Florida Dreamers Look Back on a Decade of DACA
Wednesday marks ten years since the Deferred Action for Childhood Arrivals or DACA took effect in the US, but a federal court hearing in July could strike down the policy altogether.
Ivan Vazquez is a junior at Florida International University where he is studying nutrition, with the goal of becoming a dietician in the next few years.
Vazquez moved to the U.S. from Mexico when he was 12 years old. He says he wants to continue to build his life here.
But on the 10 year anniversary of DACA, Vazquez says he’s more frustrated than ever that more hasn’t been done to guarantee a path to U.S. citizenship for Dreamers like him, especially as another federal court case challenges the policy.
“We have worked hard. We have proven ourselves that we are role models. We’re not committing crimes. We’re not not doing any unlawful activities. We’re working. Many of us are attending college. And we’re just trying to provide for ourselves, our families and continue making this country great, you know.”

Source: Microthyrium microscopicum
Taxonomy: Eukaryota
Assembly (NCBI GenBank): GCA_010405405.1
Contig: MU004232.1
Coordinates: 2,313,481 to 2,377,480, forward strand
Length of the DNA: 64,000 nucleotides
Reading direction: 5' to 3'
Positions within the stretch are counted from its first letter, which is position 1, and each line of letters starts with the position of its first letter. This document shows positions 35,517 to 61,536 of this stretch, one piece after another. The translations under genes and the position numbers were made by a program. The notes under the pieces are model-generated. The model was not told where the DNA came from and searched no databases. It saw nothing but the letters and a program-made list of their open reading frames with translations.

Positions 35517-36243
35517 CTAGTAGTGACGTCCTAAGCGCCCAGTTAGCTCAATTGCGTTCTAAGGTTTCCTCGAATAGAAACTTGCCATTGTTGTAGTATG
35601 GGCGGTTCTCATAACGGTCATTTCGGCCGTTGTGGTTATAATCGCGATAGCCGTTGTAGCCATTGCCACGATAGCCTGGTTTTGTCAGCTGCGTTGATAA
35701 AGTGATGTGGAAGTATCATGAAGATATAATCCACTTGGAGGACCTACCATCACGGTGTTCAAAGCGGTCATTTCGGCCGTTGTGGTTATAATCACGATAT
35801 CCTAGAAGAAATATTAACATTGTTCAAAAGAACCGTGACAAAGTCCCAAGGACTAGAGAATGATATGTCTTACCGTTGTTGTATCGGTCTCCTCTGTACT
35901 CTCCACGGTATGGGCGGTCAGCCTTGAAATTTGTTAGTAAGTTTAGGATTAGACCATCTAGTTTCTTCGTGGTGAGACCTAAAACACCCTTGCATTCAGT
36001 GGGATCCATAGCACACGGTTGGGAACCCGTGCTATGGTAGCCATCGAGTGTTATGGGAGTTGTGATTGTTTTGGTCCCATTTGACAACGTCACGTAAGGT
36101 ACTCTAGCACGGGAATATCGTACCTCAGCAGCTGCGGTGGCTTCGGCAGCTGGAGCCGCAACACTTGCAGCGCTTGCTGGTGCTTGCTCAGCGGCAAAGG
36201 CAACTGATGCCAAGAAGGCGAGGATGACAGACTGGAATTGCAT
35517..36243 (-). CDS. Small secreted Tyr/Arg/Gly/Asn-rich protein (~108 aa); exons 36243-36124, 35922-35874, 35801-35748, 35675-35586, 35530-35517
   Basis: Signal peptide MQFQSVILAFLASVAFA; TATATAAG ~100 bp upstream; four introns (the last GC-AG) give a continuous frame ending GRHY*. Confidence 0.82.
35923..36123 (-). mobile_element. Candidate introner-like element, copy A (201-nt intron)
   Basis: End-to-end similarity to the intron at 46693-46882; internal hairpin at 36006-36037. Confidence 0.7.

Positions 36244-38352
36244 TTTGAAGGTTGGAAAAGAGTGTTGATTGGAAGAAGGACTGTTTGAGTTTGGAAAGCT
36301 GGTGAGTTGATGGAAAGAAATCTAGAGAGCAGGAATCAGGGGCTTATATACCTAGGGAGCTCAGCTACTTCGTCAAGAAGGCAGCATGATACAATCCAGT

He says this country is the only one he's ever known.
“I hope that by the end of this administration before the end of this administration we’ll have a clear pathway to citizenship. I’m not asking for an expedited line. I’m just saying I don’t mind if I have to get a green card and have a green card for six years, or even any other special or additional requirements, paying a fine, OK. But as long as we have a clear way and a pathway for us to be able to get a citizenship you know.”
If DACA is overturned, some 24,000 Dreamers in Florida and more than 600,000 across the country could be deported.